Conclusions and further questions

Bud necrosis in green ash during the spring is associated with higher N concentrations and lower C/N ratios in roots during the previous autumn and stems during the spring. Growing trees with CRF increased bud failure of green ash compared with trees fertilized with UF. Differences in bud failure between trees grown with CRF and UF were related to differences in N content, N partitioning, and C/N ratios. Our results suggest that tree N status may play a role in bud necrosis and shoot dieback of green ash. However, the type of fertilizer used in production may have a larger effect on bud necrosis than N rate. This may have to do with differences in how trees metabolize different forms of N, differences in nutrient release rates from fertilizers, where and when the N is stored, and how it is remobilized in the spring, especially in relation to C import, export, and metabolism.

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  • Scagel, C.F., Bi, G., Regan, R.P. & Fuchigami, L.H. 2007 Seasonal variation in growth, nitrogen uptake and allocation by container-grown Rhododendron cultivars HortScience 45 1440 1449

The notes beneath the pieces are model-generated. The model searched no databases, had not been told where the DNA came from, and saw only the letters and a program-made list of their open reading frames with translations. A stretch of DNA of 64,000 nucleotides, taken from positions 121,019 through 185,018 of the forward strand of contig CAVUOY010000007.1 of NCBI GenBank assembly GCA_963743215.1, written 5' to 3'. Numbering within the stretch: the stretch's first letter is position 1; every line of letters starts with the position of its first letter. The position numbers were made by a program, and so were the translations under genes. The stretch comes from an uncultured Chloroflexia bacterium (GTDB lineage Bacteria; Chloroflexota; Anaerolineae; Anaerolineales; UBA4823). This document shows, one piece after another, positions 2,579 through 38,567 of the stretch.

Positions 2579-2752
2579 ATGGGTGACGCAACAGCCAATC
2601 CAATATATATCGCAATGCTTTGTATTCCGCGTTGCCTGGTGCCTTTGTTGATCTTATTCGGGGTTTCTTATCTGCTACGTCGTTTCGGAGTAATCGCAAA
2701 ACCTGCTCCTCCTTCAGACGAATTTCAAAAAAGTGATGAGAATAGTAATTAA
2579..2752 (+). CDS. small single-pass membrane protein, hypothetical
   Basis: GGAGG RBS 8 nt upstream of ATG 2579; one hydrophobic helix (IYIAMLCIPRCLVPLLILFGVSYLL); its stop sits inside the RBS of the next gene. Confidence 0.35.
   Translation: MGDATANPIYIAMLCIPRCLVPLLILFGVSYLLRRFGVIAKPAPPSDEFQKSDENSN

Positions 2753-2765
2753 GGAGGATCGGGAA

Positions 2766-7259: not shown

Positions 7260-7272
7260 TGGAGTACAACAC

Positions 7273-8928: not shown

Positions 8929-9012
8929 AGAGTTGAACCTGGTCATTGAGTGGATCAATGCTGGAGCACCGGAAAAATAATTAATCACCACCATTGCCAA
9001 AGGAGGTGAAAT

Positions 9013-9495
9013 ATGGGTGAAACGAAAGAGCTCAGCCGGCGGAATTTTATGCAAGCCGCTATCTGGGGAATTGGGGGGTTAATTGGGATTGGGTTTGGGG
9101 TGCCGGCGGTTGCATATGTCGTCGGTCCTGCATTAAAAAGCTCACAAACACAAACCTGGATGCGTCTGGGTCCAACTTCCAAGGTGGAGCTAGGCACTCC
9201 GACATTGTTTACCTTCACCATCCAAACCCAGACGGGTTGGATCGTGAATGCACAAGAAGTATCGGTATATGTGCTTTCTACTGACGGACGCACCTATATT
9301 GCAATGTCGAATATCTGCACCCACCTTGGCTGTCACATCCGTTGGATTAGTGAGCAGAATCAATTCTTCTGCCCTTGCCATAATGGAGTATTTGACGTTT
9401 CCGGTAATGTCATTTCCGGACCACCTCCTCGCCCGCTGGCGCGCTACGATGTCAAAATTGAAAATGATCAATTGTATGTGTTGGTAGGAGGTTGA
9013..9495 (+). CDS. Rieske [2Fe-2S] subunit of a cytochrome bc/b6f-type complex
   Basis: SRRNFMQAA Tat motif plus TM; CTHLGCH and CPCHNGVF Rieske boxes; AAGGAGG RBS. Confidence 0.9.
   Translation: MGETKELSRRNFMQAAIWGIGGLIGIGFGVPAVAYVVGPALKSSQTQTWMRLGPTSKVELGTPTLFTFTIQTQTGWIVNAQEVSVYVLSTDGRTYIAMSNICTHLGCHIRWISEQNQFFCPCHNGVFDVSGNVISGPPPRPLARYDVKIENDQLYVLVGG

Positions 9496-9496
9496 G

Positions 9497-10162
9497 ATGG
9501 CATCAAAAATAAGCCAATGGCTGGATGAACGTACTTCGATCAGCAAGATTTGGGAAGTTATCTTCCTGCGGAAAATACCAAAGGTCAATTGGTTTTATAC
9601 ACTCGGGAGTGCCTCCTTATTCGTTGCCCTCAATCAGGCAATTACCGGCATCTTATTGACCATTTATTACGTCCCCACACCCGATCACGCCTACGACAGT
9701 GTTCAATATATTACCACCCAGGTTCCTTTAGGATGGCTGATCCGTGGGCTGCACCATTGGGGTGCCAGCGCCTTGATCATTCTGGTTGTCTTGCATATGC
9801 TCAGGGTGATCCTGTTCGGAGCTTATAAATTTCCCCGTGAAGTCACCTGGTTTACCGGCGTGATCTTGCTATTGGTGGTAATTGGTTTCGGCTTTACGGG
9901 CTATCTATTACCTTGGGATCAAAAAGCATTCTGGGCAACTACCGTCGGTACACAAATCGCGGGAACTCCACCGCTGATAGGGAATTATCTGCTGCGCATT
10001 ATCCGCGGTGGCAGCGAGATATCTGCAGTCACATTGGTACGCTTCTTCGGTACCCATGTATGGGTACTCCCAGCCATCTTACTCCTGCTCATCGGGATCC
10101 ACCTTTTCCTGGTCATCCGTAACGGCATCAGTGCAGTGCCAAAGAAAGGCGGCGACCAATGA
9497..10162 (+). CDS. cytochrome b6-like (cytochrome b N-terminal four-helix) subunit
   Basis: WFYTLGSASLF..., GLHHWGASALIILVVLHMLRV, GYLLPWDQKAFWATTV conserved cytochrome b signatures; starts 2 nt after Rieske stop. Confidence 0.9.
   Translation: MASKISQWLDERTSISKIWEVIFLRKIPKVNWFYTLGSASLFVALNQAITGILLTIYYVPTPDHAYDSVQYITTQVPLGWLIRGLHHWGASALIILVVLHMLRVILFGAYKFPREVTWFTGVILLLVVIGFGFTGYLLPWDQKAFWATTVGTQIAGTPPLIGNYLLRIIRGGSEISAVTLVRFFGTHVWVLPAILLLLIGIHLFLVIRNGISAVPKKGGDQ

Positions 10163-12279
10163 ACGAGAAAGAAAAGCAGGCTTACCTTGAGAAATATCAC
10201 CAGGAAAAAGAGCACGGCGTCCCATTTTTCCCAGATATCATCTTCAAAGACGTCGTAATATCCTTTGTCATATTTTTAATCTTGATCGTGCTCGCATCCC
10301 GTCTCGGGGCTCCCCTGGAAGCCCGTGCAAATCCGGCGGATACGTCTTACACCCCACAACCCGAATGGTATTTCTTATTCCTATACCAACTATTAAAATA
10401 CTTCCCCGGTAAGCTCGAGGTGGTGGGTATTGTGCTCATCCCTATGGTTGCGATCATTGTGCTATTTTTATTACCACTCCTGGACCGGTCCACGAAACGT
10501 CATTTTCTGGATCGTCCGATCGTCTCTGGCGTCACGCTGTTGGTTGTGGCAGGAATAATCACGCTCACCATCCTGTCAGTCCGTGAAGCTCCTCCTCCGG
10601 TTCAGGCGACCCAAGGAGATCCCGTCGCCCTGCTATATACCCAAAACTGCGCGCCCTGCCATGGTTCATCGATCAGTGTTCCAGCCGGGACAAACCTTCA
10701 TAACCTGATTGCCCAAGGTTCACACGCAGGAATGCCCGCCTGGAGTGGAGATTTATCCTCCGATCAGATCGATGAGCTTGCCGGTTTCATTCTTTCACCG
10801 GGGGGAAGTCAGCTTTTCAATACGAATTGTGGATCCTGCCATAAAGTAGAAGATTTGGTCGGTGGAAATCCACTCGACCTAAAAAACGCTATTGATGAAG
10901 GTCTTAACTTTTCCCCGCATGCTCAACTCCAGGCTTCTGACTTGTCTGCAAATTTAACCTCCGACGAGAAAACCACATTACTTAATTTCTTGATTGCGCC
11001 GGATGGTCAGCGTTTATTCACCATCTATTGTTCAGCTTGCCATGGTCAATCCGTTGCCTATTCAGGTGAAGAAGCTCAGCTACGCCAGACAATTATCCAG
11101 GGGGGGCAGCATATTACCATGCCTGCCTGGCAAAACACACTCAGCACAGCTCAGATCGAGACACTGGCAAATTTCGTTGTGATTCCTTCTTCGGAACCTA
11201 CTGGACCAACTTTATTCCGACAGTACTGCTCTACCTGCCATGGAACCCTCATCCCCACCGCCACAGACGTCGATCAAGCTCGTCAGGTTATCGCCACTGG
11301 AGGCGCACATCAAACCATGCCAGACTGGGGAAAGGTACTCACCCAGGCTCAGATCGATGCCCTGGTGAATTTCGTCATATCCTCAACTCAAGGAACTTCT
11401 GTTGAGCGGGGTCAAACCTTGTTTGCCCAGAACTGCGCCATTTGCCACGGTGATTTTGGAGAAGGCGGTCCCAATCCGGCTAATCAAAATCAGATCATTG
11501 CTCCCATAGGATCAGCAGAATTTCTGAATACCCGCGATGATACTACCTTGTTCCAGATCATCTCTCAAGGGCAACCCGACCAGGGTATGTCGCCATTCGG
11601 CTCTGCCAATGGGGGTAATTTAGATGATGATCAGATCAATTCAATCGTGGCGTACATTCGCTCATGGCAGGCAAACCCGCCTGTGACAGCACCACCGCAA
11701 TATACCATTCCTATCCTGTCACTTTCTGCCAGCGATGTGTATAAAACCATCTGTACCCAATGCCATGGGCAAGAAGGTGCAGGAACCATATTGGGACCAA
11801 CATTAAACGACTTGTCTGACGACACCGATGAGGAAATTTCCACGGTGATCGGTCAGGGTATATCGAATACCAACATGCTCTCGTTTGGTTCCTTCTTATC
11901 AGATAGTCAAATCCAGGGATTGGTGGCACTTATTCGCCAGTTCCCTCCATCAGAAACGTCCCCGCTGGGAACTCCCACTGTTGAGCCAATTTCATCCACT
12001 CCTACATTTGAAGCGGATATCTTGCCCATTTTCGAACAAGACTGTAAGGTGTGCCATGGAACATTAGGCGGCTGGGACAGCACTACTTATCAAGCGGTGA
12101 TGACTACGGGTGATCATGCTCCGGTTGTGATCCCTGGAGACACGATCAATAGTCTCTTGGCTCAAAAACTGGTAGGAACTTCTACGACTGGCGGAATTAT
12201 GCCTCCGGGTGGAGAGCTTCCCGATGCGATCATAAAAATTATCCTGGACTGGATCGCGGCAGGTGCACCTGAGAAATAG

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  • Scagel, C.F., Bi, G., Regan, R.P. & Fuchigami, L.H. 2008b Nitrogen availability alters mineral nutrient uptake and demand in container-grown deciduous and evergreen Rhododendron J. Environ. Hort. 26 177 187

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  • Schaberg, P.G., DeHayes, D.H., Hawley, G.J., Murakami, P.F., Strimbeck, G.R. & McNulty, S.G. 2002 Effects of chronic N fertilization on foliar membranes, cold tolerance, and carbon storage in montane red spruce Can. J. For. Res. 32 1351 1359

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  • Shaviv, A. 2001 Advances in controlled-release fertilizers Adv. Agron. 71 2 45

  • Tagliavini, M., Millard, P. & Quartieri, M. 1998 Storage of foliar-absorbed nitrogen and remobilization for spring growth in young nectarine (Prunus persica var. nectarina) trees Tree Physiol. 18 203 207

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  • Thomas, F.M. & Blank, R. 1996 The effect of excess nitrogen and of insect defoliation on the frost hardiness of bark tissue of adult oaks Ann. Sci. For. 53 395 406